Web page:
<b>Figure 1: 24 hour Holter monitoring showed most of the time a supraventricular tachycardia, with short spontaneous sequences in sinus rhythm</b>

The size of the left ventricle was at the upper limit of normal and systolic function was moderately impaired with an ejection fraction of 40% (normal > 55%) as shown by echocardiography. The tachycardia was incessant and converted intermittently to sinus rhythm for a few seconds. The 12 lead ECG during sinus rhythm was normal (arrow). Administration of intravenous amiodarone did not result in permanent termination of the tachycardia but the episodes of the tachycardia became shorter which allowed the cardiac function to improve within five days. Electrophysiological examination two weeks later revealed a left-sided accessory pathway. The tachycardia was successfully terminated by radiofrequency ablation of the accessory pathway. The patient's personality returned to normal. His school performance improved dramatically and he remained free of symptoms without any medication.
ADHD is frequent in the pediatric age group. Diagnosis is established by clinical judgement based on comprehensive clinical evaluation and assessment considering the typical symptoms [1].

SVTs are not unusual in children, but clinical presentation may vary [4]. Older children often complain about the characteristic palpitations, heart stumble or funny heartbeat. Especially in younger patients, atypical and unspecific symptoms such as pain in the head, throat, or chest, dizziness, anxiety, paleness, sleep disturbances, restlessness and hyperactivity may appear. At first sight, it may not be evident that these symptoms refer to a tachycardia. Even in adults, a SVT can be elusive. Lessmeier et al [9] studied 107 adult patients with SVTs. In a retrospective survey 67% fulfilled the criteria for panic disorders and SVT was not recognized after initial medical evaluation in 55%.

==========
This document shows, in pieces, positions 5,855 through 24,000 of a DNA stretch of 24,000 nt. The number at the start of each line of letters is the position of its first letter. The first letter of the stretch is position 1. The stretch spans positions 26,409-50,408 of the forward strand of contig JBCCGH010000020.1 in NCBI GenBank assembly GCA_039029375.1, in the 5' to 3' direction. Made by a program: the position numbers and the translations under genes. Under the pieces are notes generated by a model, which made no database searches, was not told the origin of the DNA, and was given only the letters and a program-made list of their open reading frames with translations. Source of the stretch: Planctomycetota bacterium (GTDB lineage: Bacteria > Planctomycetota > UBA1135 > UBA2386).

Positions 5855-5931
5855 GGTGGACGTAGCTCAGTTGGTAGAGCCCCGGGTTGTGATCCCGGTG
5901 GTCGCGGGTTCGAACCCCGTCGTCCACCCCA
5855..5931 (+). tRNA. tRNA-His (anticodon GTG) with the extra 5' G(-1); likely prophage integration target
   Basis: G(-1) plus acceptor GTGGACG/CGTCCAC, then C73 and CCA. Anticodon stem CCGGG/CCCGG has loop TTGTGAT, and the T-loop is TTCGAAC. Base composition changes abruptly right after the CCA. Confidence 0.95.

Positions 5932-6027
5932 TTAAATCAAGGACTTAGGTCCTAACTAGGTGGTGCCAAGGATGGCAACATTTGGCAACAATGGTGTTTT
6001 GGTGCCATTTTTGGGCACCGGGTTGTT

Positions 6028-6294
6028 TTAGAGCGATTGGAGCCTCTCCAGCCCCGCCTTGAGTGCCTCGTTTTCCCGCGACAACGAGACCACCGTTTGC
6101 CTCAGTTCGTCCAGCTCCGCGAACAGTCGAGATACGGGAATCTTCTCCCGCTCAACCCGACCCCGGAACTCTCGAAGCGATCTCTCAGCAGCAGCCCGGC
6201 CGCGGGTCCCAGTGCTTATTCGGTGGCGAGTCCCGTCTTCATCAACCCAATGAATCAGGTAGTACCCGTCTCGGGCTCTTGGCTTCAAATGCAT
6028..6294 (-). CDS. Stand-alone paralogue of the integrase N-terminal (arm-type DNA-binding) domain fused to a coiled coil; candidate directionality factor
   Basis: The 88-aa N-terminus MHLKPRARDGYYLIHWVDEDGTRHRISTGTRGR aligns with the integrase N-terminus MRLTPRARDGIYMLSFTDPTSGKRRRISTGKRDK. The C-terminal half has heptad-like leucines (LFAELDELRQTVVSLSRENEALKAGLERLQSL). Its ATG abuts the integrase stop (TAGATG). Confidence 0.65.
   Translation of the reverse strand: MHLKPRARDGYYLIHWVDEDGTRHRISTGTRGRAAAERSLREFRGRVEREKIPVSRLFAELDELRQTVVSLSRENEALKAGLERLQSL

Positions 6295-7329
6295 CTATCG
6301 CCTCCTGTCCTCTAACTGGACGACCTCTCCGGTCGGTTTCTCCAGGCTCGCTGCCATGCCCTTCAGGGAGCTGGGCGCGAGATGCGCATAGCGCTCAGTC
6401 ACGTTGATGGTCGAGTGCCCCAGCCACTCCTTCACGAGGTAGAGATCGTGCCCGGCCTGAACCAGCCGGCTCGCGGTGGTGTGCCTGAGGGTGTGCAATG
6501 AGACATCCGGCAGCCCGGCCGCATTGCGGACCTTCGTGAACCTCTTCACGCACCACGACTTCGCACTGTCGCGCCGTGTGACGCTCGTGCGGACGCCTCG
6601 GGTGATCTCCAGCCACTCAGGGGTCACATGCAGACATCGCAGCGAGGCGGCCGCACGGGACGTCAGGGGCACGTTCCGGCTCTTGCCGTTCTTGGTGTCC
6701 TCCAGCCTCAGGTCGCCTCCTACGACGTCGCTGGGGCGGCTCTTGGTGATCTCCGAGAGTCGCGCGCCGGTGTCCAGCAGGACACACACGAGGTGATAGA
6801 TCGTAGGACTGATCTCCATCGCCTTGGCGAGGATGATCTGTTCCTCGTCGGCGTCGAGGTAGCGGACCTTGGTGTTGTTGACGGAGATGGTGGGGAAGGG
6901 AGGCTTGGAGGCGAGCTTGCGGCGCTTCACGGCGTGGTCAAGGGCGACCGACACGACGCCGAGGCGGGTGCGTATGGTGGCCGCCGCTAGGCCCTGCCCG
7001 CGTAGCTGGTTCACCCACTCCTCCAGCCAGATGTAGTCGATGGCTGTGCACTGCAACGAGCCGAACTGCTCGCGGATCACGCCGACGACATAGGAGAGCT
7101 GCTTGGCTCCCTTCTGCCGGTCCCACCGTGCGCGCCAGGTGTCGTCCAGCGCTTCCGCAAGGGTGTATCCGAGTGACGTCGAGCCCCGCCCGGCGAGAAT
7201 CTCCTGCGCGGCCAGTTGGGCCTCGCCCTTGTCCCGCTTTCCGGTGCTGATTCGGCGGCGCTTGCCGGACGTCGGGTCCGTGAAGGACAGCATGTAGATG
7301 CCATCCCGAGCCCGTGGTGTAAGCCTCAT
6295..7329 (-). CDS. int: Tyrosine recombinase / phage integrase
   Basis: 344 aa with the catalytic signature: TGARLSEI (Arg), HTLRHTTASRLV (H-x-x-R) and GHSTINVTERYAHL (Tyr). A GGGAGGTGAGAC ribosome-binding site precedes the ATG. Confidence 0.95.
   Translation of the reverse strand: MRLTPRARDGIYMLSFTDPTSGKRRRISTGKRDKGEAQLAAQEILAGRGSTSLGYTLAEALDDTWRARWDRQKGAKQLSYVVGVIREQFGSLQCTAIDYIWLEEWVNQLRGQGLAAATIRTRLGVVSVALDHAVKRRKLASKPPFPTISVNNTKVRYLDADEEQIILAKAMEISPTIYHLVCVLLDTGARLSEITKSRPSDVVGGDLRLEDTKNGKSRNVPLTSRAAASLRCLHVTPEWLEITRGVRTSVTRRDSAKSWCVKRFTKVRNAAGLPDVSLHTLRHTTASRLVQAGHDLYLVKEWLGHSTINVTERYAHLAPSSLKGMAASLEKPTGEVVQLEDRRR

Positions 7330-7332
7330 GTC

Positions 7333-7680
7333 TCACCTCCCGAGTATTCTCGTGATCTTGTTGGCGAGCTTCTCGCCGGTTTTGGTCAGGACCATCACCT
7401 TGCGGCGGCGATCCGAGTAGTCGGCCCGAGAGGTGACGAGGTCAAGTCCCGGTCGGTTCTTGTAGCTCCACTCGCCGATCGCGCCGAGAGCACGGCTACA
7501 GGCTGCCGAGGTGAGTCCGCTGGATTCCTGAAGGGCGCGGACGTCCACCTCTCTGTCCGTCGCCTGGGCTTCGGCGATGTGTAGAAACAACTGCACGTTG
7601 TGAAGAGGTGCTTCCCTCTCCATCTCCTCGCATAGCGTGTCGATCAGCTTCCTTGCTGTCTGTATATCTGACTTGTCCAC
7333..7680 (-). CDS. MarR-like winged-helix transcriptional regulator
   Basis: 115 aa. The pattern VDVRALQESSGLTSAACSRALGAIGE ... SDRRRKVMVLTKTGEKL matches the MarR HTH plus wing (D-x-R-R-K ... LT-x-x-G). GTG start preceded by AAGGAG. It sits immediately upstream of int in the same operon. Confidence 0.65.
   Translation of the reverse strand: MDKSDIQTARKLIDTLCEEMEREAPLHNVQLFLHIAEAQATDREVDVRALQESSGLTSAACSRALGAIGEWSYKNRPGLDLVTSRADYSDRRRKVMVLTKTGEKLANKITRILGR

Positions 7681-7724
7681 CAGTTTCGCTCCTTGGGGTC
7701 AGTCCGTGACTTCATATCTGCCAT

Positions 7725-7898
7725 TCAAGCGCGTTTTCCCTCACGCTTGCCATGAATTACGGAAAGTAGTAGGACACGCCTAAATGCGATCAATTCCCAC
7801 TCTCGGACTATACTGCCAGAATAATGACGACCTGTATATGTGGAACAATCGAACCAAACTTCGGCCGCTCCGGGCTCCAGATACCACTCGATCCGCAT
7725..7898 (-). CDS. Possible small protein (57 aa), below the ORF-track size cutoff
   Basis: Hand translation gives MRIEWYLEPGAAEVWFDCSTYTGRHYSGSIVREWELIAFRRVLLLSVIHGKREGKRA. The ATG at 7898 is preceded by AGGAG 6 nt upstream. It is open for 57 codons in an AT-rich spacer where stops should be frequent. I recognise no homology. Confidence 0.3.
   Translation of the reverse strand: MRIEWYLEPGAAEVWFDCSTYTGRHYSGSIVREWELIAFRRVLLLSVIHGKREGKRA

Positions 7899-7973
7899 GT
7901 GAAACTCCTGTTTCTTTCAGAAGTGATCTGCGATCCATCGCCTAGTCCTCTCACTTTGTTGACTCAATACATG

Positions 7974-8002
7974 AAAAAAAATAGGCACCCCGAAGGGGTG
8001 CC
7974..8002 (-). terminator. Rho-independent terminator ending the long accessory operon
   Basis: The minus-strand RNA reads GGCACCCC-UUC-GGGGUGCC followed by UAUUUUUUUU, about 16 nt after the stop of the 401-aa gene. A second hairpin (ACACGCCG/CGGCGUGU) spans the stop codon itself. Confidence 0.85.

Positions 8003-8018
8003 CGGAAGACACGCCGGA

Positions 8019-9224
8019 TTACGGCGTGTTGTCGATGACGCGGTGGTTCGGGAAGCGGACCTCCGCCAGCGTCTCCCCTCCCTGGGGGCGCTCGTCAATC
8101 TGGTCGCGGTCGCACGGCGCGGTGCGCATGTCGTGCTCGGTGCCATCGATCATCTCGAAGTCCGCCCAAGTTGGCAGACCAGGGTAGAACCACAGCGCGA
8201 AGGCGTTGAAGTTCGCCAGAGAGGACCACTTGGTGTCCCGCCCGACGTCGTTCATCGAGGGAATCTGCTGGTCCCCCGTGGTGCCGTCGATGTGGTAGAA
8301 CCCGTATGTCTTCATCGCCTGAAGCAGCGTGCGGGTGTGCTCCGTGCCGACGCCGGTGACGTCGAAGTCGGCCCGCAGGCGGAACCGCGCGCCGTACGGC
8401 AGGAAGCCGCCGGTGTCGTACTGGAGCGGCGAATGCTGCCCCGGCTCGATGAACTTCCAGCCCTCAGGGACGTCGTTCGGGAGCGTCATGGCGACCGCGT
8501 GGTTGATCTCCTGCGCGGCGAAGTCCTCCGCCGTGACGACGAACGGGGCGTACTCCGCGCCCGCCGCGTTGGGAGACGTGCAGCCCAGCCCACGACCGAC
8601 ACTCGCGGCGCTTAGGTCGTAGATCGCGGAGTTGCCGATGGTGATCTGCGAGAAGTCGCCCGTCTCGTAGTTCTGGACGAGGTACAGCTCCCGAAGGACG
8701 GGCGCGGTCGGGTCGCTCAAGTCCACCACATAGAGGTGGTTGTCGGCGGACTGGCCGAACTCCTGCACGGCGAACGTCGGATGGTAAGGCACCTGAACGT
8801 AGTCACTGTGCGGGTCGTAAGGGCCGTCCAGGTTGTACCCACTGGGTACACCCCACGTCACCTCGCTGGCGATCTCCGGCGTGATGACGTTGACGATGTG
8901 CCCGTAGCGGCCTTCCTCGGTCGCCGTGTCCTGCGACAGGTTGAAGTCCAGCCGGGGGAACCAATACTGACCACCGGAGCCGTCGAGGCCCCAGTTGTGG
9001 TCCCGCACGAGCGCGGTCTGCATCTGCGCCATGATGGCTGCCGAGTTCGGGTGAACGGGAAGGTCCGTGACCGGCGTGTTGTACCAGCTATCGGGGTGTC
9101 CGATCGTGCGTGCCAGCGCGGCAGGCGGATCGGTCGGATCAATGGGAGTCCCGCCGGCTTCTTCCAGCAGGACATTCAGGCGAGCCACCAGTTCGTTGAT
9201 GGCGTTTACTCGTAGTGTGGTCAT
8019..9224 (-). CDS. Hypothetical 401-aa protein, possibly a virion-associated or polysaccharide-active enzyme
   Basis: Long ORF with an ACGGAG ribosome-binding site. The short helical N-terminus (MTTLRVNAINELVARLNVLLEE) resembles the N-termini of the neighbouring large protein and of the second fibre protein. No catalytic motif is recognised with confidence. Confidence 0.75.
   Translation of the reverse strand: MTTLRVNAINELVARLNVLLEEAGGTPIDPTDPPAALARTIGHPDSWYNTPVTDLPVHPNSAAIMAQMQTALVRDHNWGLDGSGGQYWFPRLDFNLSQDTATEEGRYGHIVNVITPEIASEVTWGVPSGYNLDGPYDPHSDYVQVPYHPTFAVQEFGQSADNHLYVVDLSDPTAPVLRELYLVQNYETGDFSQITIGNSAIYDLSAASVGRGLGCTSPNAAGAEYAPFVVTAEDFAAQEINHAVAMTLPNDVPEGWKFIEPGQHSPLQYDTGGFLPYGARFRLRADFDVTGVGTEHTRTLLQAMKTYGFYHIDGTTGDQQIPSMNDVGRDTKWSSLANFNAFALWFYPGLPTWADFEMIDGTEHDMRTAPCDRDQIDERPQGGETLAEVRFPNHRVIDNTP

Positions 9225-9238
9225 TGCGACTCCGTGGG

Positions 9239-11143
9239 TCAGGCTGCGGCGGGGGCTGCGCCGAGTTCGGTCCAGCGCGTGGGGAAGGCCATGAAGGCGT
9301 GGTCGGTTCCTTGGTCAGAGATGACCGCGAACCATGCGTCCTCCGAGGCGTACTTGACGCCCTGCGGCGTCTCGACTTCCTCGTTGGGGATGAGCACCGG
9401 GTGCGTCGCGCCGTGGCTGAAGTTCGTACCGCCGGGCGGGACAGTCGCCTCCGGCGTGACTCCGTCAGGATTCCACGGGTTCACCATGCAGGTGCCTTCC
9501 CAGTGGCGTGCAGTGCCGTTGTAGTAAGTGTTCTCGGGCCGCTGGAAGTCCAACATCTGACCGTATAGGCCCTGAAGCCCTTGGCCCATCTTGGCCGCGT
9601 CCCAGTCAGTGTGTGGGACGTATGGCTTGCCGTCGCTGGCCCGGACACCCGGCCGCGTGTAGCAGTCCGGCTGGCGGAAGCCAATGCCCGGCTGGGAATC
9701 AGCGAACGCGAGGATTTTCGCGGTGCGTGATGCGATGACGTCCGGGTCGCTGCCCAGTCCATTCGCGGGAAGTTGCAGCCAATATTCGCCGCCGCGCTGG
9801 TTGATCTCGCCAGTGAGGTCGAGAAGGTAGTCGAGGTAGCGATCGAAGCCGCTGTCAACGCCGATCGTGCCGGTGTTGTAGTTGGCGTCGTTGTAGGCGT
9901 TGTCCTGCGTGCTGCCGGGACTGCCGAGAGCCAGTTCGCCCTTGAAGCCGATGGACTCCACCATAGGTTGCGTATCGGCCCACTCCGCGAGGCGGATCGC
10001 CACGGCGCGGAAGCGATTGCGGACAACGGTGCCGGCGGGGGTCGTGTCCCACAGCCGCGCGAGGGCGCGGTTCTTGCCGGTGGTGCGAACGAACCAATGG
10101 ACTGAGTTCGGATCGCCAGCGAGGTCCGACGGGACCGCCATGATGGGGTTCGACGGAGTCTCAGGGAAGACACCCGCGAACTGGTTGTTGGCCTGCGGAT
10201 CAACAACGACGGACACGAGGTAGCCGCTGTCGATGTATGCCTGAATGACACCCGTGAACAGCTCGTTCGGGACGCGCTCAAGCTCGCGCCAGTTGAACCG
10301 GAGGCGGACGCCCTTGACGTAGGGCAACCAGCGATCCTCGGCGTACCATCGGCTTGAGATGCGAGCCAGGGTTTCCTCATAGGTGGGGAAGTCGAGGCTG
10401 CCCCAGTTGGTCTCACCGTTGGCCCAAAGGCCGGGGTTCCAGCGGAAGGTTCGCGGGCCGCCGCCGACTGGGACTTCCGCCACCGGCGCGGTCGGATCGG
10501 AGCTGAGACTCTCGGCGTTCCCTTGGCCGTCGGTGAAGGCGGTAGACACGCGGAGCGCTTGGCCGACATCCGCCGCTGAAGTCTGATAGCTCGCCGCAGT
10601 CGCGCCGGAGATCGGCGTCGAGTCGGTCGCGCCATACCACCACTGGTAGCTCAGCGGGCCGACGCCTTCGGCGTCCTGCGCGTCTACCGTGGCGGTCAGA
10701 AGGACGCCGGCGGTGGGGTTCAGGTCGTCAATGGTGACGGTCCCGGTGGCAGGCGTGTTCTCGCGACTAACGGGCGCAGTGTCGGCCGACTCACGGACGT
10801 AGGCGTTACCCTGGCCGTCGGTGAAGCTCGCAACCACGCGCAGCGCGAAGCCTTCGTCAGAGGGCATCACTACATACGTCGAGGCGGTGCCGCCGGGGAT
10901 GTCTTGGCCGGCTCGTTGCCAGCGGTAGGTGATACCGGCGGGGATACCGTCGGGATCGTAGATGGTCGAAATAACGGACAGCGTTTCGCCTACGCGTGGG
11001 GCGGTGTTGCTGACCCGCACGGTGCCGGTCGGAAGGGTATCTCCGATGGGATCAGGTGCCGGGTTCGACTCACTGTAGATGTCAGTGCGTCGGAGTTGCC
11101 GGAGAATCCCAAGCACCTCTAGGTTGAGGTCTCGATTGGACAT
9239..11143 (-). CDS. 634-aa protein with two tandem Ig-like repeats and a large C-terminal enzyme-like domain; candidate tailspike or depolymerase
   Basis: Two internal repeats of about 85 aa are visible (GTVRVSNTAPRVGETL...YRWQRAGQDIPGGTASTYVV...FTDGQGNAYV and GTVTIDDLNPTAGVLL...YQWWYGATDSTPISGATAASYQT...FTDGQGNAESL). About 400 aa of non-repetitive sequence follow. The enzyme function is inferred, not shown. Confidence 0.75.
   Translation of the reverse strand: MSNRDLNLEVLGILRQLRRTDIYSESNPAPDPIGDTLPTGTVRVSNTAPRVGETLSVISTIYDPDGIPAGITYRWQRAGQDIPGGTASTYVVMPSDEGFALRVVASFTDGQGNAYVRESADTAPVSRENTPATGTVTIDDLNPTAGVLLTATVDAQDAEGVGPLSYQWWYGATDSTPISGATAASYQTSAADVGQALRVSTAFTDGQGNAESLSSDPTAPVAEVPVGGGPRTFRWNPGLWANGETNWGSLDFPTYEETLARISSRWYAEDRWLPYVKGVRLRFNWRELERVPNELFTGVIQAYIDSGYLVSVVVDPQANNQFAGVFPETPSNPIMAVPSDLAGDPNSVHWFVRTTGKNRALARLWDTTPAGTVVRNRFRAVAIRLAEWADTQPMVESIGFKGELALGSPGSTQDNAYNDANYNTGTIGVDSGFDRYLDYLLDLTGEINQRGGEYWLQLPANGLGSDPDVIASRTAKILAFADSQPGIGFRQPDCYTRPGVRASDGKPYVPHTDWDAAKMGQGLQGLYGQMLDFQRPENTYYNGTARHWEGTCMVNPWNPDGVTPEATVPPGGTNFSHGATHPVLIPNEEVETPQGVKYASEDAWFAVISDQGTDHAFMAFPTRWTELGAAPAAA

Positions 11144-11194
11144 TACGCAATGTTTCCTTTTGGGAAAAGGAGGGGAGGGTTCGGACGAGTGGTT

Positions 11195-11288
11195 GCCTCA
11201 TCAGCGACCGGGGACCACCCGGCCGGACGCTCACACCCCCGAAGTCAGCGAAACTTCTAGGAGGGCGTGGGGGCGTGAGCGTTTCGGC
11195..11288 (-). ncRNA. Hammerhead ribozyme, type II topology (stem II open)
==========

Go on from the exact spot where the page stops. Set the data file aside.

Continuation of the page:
A SVT can be detected with a careful clinical assessment at various stages of physical activity, keeping in mind the age dependant normal heart rate values [5]. A 12 lead ECG will confirm the diagnosis but sometimes repeated 24h Holter ECG monitoring or an event recorder is necessary to record and verify the tachycardia. Early detection and therapy of permanent tachycardias is mandatory to prevent left ventricular dysfunction and tachycardia induced cardiomyopathy [6].

Since the development of radiofrequency catheter ablation (RFA) as a new treatment option in the early 1990s, a definitive cure of the tachycardia can often be achieved [7]. With an overall, initial success rate of 91% and a low complication rate of 2.9% [6] this approach has become an accepted standard method in the management of pediatric patients suffering from SVT and fulfilling the following criteria [8]: signs of cardiomyopathy or cardiac impairment (as in our case), existence of a fast conducting pathway or frequent and bothersome episodes.

In conclusion, diagnosis of a SVT is often possible by the means of a clinical examination and an ECG. The prognosis of SVTs is good, in most of the patients it can be cured by RFA even in the presence of a tachycardia related cardiomyopathy. Nevertheless symptoms of a SVT can be unspecific and difficult to interpret, especially in children, and may be misinterpreted as neuro-psychiatric disorders.
Compliance with Ethical Standards
Funding None
Conflict of Interest None
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Cite this article as:
Anna C, Urs B, Guenter W, Christian B. Attention Deficit Hyperactivity Disorder- Would You Think of a Supraventricular Tachycardia. Pediatr Oncall J. 2008;5: 115-116.